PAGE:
Home Animals Brutal Facts About Chimpanzees
Animals By Monica Gray -

Chimpanzees, categorized as great apes, are highly social animals that are native to Africa. Besides the bonobo, they’re our closest living relatives. Humans share more than 90% of our DNA with our primate relatives, and according to BMC Genomics, “The divergence between human and chimpanzee ancestors dates to approximately 6.5-7.5 million years ago.” Despite this, chimps can act more aggressively than humans. They seek revenge, cause injuries, conduct violence within groups, and use sharp tools to kill their prey. Even then, hundreds of studies done over several decades conclude that we can learn a lot more from observing chimps than we think we can.

Brutal Facts About Chimpanzees
IFL Science

They Commit Warfare

Even though our closely related relatives might seem relaxed, it doesn’t mean they are all the time. Chimpanzees engage in territorial conflicts with neighboring groups, often resulting in violent, lethal confrontations. This known fact came about in the 1970s when researchers became “aware that male chimps often organize themselves into warring gangs that raid each other’s territory, sometimes leaving mutilated dead bodies on the battlefield.” Some scientists believe this aggression comes from human interference. Because we cut down their land and forests for farming, they become aggressive as an act of defense.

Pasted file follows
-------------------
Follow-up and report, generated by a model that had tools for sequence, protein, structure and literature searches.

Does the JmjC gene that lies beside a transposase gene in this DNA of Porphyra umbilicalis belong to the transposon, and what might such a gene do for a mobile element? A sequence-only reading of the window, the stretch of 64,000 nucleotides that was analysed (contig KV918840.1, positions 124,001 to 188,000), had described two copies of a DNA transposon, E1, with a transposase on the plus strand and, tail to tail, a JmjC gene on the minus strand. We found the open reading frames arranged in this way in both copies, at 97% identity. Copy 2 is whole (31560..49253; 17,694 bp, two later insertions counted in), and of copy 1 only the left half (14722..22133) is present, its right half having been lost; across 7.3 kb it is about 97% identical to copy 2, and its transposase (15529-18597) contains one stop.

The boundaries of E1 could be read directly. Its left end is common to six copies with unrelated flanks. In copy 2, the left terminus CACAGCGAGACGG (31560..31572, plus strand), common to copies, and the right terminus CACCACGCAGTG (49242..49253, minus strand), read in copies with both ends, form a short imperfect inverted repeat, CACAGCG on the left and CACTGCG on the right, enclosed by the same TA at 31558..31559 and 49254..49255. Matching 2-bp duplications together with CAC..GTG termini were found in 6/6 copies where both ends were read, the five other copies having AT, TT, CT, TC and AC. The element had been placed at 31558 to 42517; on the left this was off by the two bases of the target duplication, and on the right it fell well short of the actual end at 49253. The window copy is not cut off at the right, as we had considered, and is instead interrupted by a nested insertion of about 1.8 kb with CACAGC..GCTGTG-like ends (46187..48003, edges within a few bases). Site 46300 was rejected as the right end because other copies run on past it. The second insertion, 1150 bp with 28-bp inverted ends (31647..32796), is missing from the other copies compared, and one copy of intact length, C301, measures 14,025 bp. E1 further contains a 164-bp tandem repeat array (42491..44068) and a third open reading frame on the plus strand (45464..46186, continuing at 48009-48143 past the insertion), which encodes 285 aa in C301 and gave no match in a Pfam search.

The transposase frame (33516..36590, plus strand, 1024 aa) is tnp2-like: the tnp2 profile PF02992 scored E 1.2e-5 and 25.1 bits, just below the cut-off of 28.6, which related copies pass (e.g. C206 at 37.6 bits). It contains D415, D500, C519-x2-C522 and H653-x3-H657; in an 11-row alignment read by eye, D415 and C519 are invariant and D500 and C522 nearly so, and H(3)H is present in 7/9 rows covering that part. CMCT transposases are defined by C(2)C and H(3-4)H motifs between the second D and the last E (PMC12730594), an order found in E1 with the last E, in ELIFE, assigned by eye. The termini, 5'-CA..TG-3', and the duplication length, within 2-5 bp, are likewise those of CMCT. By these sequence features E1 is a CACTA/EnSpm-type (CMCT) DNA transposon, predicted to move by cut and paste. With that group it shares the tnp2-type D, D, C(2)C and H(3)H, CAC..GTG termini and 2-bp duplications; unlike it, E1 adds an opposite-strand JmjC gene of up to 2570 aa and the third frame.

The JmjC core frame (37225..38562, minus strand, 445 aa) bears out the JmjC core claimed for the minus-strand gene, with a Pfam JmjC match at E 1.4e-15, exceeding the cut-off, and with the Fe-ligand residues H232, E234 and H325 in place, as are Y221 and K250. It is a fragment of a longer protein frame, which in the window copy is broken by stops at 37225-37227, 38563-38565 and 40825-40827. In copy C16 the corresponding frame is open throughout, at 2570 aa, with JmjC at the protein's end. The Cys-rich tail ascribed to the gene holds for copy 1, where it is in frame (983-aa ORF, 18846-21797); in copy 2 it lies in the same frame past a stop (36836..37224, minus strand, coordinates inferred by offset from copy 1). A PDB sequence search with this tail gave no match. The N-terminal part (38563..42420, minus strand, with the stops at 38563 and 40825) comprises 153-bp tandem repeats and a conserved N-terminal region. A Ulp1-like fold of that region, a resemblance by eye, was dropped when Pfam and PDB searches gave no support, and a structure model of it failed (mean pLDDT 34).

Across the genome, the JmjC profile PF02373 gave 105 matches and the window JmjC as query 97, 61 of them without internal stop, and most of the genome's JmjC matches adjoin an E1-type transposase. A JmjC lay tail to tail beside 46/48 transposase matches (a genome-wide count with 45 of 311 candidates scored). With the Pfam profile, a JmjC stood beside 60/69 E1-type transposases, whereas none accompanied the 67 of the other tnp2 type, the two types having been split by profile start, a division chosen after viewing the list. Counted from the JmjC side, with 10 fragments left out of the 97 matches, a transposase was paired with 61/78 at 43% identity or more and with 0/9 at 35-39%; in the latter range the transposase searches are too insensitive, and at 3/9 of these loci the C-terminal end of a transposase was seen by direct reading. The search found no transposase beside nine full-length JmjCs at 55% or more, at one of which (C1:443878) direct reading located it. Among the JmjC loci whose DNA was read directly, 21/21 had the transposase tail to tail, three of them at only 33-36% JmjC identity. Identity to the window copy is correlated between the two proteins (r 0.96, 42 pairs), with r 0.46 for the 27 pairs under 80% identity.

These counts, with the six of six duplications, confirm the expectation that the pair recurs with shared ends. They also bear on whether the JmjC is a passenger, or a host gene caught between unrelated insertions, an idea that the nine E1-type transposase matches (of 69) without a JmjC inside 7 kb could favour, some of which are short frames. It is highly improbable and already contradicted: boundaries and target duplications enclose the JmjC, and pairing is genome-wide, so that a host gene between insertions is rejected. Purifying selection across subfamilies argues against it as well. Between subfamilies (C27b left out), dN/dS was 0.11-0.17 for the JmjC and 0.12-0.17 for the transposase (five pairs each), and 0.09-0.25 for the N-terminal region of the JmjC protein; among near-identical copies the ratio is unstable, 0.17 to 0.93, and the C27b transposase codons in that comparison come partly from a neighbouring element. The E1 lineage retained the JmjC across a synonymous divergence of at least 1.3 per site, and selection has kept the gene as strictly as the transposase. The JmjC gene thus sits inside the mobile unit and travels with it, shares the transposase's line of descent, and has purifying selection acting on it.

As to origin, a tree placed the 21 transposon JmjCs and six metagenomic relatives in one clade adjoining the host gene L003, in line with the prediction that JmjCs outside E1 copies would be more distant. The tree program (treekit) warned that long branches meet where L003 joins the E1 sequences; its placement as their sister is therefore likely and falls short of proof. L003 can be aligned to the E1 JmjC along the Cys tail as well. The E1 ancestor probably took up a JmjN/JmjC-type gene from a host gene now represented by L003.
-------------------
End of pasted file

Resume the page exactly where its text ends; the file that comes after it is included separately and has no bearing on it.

Furthermore, the territorial disputes among chimpanzees reveal intricate social dynamics within their communities. These conflicts are not just random acts of aggression; they serve as a stark reminder of the complex interactions and alliances that exist within chimpanzee societies. In many ways, these confrontations mirror the multifaceted relationships and power struggles that humans experience in their own societies, shedding light on the evolutionary origins of group dynamics and the potential consequences of habitat loss and interference. Understanding these behaviors is crucial not only for the conservation of chimpanzee populations but also for gaining insights into our own species’ history and behavior, as we share a common ancestry with these remarkable creatures. (Science).

Brutal Facts About Chimpanzees
The Mirror

They’re Prone To Cannibalism